Single Plane Illumination Microscopy
The Zebra fish is rapidly establishing itself as an import model for many biological studies. They are easier to keep than more conventional animal models, can be readily manipulated genetically and, from an imaging perspective, are basically transparent. This project is taking the original SPIM microscope developed by Ernst Stelzer which uses a sheet of light to generate fluorescence that is subsequently viewed perpendicularly to the light sheet. This enables optically sectioned images to be recorded at high speed to build up a three-dimensional data set. We are using this system to explore heart biology, but the heart is in constant motion. We have thus developed an optical method to freeze the motion of the heart and synchronise the imaging system to record an optical section when the heart is in the correct point in its cycle, effectively freezing the motion of the heart without chemically stopping it. This work is linked with researchers in Newcastle (Dr Bill Chaudhry) and Prof. Deborah Henderson; Edinburgh (Prof. John Mullins) and Harvard (Dr Calum MacRea).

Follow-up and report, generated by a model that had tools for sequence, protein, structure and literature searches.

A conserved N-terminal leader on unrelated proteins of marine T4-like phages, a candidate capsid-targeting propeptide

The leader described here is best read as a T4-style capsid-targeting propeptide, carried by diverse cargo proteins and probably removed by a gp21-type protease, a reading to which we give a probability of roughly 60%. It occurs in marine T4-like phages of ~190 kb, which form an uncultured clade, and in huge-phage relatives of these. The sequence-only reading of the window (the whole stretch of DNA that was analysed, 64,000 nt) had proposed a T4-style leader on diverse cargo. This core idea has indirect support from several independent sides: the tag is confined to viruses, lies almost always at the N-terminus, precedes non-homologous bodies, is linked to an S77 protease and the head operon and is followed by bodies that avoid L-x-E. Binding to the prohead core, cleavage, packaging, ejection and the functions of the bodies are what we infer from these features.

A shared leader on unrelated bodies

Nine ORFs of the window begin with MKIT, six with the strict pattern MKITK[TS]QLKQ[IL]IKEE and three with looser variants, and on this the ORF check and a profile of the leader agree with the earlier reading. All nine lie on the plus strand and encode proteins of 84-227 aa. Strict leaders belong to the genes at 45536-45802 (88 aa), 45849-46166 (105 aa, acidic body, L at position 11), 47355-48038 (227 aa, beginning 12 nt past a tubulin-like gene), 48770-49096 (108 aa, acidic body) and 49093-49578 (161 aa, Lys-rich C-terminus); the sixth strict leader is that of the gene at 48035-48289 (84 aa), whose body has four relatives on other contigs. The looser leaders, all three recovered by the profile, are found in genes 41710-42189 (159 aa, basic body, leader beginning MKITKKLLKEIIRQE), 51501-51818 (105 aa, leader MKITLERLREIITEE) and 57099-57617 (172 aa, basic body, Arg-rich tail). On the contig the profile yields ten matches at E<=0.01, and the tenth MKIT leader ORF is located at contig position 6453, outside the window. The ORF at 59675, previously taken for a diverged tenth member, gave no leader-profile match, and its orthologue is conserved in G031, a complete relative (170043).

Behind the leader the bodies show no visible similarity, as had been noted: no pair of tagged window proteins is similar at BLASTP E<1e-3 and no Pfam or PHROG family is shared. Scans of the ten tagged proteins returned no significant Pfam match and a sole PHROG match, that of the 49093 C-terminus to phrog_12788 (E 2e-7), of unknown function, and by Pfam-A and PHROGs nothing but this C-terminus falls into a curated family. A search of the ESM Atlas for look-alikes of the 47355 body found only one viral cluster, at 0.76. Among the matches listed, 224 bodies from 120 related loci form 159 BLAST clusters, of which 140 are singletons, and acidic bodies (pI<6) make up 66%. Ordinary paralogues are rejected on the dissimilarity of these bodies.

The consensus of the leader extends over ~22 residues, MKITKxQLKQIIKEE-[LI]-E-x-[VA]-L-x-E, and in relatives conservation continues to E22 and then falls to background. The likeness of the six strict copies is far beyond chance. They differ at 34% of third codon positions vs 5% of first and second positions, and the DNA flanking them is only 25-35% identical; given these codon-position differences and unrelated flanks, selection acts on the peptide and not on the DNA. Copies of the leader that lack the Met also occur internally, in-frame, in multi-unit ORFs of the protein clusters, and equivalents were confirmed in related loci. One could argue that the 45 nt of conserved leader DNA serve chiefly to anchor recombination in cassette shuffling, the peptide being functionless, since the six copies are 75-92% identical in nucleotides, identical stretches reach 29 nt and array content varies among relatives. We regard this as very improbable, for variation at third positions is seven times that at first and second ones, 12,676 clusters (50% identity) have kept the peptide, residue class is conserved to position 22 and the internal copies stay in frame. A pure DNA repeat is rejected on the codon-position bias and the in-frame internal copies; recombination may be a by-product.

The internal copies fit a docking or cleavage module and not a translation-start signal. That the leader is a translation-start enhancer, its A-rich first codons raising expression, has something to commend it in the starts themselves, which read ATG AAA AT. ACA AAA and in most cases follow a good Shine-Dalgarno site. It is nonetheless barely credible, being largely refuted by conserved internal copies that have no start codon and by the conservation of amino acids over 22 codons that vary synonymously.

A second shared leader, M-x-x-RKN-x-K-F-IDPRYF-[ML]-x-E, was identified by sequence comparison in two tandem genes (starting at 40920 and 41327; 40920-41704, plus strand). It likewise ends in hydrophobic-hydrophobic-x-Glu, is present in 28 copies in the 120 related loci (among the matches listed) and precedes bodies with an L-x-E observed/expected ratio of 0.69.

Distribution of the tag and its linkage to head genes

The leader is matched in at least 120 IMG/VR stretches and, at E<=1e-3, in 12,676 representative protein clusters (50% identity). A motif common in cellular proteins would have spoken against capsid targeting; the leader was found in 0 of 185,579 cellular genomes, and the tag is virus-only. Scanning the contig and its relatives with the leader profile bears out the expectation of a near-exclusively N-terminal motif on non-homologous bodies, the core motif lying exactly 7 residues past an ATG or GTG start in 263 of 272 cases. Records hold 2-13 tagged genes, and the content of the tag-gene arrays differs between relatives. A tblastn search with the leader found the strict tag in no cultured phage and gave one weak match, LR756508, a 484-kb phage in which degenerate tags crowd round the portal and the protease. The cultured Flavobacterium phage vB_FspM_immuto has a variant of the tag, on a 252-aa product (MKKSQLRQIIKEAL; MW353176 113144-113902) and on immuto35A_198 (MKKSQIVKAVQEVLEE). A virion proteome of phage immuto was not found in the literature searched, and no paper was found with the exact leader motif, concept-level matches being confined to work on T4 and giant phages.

We are looking to improve the imaging based upon our expertise in Adaptive Optics and also to use the system to explore lens development in a fish in which the lens membranes express GFP. We have also applied the imaging method to developing plants.
Contact: Professor John Girkin